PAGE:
Data security is as important to a small business as physical security is online today where virtually all computers and electronic devices are connected to both each other and the internet making us and our information fairly accessible at all times.
Because of this, the bottom line for any business with company or client data to protect is that it must be able to maintain a security policy and procedures that are as airtight as possible. Failing to do so can mean anything from competitor theft of your ideas to major and expensive security breaches that can lead to client lawsuits.
Not to worry however – there are some key policies your small business can implement to completely protect their valuable information without breaking the bank in the process.
Limit Device and Account Access
The single most basic security policy of all is limit access to all storage, computing and online cloud based media like email servers and storage databases. You can do this by keeping physical devices carefully supervised and within easy reach of only trusted employees or business partners.
Furthermore, the passwords that guard access to remote accounts like cloud servers, the business emails of clients and other online databases should only be shared with a select number of individuals and not given out to anyone else.
Enforce these policies carefully, make sure they’re understood by all employees and be sure to discipline any transgressions against access limitation rules by your workers.
Use Strong Passwords
Make sure that every computer, mobile device, data application, and company smartphone is protected by password protection through a login prompt or other login security feature. These passwords must be strong, at least 10 to 20 characters long and as full of random words as possible (if you’re using passphrases) or random characters (for more classical passwords).
In the case of passphrases, the words should be truly random and amount to a phrase that makes no logical sense and isn’t found in any book you know of, while in the case of passwords, the random characters you use should be diverse and consist of capital letters, lowercase letters, numbers and symbols all mixed together. Make sure your employees memorize these words and phrases instead of writing them down and leaving that information out for everyone to see.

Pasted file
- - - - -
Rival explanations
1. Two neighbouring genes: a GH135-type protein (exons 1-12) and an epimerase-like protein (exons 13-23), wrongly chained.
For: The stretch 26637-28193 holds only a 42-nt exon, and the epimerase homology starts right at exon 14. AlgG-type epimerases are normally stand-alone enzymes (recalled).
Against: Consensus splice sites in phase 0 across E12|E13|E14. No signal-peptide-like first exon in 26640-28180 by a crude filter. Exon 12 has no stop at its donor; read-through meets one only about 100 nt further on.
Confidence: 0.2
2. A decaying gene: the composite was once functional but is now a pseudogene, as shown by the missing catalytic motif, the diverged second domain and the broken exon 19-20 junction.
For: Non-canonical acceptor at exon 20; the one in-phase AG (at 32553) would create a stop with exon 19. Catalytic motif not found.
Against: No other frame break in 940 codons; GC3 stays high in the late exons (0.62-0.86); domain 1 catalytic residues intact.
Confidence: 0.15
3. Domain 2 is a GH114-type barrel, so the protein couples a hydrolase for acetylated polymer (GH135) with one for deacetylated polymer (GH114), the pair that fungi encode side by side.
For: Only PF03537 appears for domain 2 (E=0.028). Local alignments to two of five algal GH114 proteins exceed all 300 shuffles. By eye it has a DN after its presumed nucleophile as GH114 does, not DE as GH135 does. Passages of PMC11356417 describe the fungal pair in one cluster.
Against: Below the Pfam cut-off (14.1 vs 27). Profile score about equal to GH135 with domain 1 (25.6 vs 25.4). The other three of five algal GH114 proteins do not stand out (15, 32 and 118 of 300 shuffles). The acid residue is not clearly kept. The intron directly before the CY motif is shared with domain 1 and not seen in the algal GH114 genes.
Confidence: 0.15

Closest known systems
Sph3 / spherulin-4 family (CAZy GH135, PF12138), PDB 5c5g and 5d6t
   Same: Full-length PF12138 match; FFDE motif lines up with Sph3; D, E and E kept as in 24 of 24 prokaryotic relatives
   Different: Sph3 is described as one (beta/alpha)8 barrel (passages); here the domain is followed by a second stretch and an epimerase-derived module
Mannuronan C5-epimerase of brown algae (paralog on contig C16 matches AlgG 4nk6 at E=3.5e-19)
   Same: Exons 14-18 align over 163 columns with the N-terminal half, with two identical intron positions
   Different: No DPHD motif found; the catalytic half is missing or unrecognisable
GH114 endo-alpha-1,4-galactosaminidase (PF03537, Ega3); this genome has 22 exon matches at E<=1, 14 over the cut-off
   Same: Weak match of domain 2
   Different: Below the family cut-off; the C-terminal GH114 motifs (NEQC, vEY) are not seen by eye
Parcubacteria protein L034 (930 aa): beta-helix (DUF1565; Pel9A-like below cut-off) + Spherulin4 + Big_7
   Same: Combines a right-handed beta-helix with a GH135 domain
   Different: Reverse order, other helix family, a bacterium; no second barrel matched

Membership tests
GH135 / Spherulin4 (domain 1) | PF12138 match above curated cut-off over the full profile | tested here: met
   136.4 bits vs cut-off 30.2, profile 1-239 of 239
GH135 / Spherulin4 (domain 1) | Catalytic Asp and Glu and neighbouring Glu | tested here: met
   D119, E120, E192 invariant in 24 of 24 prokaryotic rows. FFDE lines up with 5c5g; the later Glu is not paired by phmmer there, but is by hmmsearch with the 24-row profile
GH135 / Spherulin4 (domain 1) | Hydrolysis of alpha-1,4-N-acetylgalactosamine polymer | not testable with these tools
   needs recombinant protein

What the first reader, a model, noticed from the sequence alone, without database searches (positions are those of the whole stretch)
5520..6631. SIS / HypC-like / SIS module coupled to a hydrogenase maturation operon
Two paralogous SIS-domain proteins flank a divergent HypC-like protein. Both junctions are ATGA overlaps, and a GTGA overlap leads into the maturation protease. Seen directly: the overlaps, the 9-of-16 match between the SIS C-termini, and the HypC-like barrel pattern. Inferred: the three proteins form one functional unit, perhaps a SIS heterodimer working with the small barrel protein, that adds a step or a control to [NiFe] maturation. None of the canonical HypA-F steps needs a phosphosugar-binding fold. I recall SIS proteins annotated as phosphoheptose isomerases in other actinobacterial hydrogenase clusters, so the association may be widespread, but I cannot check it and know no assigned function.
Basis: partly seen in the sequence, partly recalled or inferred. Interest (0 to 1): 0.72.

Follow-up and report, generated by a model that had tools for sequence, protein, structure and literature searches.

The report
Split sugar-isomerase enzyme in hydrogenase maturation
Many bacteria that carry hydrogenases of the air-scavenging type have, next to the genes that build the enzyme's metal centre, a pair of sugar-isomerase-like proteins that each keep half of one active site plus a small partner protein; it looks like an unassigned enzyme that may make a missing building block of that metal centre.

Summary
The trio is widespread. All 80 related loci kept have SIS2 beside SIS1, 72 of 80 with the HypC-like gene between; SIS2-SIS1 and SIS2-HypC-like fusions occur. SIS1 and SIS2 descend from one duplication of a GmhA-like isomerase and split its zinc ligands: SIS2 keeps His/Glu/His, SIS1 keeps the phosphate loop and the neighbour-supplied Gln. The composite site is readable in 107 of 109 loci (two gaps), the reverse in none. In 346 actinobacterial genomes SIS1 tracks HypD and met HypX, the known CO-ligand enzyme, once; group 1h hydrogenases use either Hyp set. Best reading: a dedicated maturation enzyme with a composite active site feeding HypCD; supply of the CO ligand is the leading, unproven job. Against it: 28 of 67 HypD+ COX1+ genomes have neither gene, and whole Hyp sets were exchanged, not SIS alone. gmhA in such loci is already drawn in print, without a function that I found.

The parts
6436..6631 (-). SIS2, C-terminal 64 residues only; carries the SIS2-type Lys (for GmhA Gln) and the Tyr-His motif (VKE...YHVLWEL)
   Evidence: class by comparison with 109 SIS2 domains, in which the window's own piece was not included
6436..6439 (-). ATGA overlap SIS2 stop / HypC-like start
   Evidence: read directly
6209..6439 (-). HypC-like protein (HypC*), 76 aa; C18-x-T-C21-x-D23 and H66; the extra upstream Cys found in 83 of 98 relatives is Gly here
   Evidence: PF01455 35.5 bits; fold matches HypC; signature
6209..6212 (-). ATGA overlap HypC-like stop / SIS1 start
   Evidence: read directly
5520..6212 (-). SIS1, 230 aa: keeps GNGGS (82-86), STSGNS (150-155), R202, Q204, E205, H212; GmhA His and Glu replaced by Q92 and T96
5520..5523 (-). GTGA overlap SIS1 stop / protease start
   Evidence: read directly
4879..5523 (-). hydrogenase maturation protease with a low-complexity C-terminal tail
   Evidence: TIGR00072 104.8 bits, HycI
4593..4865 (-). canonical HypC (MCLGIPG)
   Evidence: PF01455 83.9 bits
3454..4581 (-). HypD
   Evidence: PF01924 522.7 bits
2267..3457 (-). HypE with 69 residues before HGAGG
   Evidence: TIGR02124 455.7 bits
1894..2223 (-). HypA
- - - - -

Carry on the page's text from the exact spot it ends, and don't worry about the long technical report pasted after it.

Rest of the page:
Back Up Your Data
Your online, offline and server based data and client information should all be backed up to at least two different locations and regularly synched so that it stays updated. Ideally, you should use both physical media backup procedures through which you back information to external hard drives and regularly synchronize it on a weekly or monthly basis; between synchronizations, store the hard drives themselves in a safe location away from your business offices. A good example of software you can use to help perform backup and regular syncing automatically for free is the site SynchbackFree which also offers a Pro system to pay to use.
Additionally, you should use cloud storage servers to automatically back up all computer files and sync them with each other on a regular basis. With the cloud option, opt for a company that offers fully encrypted storage servers that use 128 to 256 bit encryption and, doesn’t have access to your information because you and your trusted employees are the only password holders. SpiderOak.com offers double blind encryption, which prevents both third party intruders and the company itself from seeing what’s on your rented cloud storage servers due to encryption.
Use Anti Intrusion Software
As a final security policy, make sure that your computers themselves are protected by protective software. Your servers need to be protected by network based intrusion detection applications and your company’s website or sites protected by strong, highly secure hosting and your own Server security software package. Companies like AVG, Kaspersky and Norton all offer their own products for each of these digital data storage components.
About the author: Carl Petoskey’s knowledge of the technology world spans beyond his work within his own small business. As a writer, he has covered everything from security to internet reliability. When he’s not writing, you can find him reviewing small business services including Comcast’s business class internet services.